The peninsula changed rapidly during the 1800s and became one of the premier industrial centres of Sydney. Industries clustered around Mort Bay included shipbuilding, a metal foundry, engineering, boilermaking and the Mort's Dock and Engineering Company works which opened in 1855.

Increasing industrialisation at Balmain created a demand for cheap housing. This was satisfied by the dock owners selling small blocks of land to entrepreneurs who then built tiny cottages and rented them to the workers.

An electric tram at Darling Street Wharf in 1951

Lever Brothers Factory opened in 1895. A coal mine was opened in 1897 beside what is now Birchgrove Public School by English shareholders. From the bottom of the shaft a decline led down to a block of coal situated under the harbour between Ballast Point and Goat Island.[4] Balmain Power Station was erected in stages from 1909 and the Balmain Reservoir was built in 1915.

The opening of the railway in the 1920s further established and Balmain gained a reputation as a rough working-class area of Sydney.

The coal mine closed in 1931. A large influx of immigrants boosted Balmain's population in the 1950s.

Gentrification of Balmain began in the 1960s as industry waned. Balmain's desirability to the middle class was due in part to its waterfront location and proximity to Sydney's CBD. The Balmain Association was formed in 1965.[5]

Increasing property values and waterfront development continued to push the suburb's remaining industry out. In 1996, the Lever Brothers site became a series of apartment complexes with a handful of original buildings preserved. The power station was demolished in 1998 to make way for apartments. However many aspects of Balmain's industrial past have been retained as heritage.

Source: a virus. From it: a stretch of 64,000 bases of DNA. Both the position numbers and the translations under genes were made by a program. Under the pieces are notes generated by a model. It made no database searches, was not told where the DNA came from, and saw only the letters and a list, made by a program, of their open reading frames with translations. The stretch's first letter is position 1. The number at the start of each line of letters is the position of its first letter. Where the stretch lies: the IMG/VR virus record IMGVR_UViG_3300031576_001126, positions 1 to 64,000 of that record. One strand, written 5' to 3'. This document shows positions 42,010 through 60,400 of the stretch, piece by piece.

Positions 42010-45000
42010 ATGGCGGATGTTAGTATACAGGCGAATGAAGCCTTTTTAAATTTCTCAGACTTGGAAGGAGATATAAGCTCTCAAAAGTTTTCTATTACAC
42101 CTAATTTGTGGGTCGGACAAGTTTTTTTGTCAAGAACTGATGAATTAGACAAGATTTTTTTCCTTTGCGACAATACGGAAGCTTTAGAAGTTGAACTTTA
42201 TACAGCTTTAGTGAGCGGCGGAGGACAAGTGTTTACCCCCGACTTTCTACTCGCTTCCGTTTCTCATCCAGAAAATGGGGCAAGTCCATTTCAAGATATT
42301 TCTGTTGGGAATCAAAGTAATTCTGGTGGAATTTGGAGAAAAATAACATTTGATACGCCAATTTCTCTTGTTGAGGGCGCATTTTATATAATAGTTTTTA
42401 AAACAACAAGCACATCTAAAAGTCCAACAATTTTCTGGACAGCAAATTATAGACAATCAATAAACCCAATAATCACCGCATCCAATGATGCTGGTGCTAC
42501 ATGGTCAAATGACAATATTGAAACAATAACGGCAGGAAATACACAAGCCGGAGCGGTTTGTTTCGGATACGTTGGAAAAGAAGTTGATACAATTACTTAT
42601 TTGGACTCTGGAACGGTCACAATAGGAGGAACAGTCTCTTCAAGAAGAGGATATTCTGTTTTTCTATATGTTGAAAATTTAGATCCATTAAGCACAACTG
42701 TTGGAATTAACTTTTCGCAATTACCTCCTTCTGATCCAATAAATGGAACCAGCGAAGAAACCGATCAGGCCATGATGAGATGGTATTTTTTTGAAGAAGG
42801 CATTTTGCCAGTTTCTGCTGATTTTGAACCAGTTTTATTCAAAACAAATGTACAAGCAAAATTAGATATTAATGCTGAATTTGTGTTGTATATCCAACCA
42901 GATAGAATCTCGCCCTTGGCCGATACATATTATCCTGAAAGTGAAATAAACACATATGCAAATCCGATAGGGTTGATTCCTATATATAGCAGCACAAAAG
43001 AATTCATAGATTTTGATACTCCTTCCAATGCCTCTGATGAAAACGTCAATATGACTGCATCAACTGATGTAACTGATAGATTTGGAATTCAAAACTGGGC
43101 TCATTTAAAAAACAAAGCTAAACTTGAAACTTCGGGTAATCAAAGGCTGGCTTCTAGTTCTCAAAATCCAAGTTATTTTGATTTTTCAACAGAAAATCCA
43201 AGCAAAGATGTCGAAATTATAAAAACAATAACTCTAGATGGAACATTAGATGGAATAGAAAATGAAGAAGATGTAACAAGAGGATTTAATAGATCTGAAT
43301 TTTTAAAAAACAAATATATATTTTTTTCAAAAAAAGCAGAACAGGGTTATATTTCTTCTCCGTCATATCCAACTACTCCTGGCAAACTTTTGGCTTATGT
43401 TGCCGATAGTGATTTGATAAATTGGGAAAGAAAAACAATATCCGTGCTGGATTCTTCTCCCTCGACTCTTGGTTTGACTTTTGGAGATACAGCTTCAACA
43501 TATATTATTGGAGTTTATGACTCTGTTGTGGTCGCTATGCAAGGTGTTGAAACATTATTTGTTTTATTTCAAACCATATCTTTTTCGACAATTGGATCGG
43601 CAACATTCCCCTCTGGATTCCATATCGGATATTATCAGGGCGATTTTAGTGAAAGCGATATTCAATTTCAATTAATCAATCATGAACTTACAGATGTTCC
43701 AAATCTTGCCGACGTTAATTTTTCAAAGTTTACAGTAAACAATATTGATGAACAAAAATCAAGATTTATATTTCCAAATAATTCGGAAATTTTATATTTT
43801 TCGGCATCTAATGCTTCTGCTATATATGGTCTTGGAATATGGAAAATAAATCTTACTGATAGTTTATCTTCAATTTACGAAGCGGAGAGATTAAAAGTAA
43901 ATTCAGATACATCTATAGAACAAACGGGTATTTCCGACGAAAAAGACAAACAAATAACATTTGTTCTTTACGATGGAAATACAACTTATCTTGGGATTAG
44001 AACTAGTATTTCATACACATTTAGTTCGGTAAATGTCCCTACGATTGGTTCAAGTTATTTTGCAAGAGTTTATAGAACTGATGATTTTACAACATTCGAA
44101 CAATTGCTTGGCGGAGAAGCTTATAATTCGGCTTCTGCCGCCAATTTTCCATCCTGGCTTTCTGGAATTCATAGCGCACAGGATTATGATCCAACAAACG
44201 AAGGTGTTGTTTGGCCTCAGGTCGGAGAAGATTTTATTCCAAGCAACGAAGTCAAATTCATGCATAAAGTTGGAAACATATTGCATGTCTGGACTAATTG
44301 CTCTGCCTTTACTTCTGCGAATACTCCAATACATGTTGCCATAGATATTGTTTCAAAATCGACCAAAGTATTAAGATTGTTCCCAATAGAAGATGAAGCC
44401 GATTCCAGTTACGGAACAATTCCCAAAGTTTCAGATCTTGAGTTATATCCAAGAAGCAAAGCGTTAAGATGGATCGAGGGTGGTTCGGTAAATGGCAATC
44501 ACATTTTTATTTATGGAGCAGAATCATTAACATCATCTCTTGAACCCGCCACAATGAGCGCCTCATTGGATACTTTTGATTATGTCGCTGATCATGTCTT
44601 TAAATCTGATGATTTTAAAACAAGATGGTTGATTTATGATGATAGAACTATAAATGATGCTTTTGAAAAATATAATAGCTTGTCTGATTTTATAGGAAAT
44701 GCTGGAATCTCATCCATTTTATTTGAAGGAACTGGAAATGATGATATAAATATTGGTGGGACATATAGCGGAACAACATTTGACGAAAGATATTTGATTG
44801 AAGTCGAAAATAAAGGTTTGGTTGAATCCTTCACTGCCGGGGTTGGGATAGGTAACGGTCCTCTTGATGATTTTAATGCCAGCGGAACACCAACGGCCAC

According to the 2011 census of Population, there were 9,783 residents in Balmain. 63.5% of residents were born in Australia. The most common other countries of birth were England 9.6%, New Zealand 3.6% and Ireland 1.6%. 82.9% of residents spoke only English at home. Other languages spoken at home included Italian 1.2%, Greek 1.0% and German 0.8%. The most common responses for religious affiliation were No Religion 34.6% Catholic 24.0% and Anglican 16.5%.[1]

Commercial area

Balmain features an abundance of dining establishments, making cafe and restaurant culture very prominent within the area.
Balmain Working Men's Institute

Darling Street, Balmain's main thoroughfare, features boutique shops, quality restaurants and cafes alongside old drinking establishments. Landmarks on this street include the Post Office and Court House, alongside Balmain Town Hall, the historic Westpac Bank, Balmain Fire Station and Balmain Working Men's Institute. Other commercial developments are scattered throughout the suburb. The headquarters of the NSW Water Police moved to Cameron Cove in Balmain in late 2007.


As an old suburb, Balmain has many heritage buildings. The following buildings are listed on the Register of the National Estate:[6]


Balmain Shipyard

Balmain has several ferry wharves that are serviced by the Inner Harbour ferry services. These wharves are located at Thames Street, Elliot Street and in Darling Street, Balmain East. Services run to Circular Quay. Sydney Ferries maintenance and repair base is at Balmain Shipyard.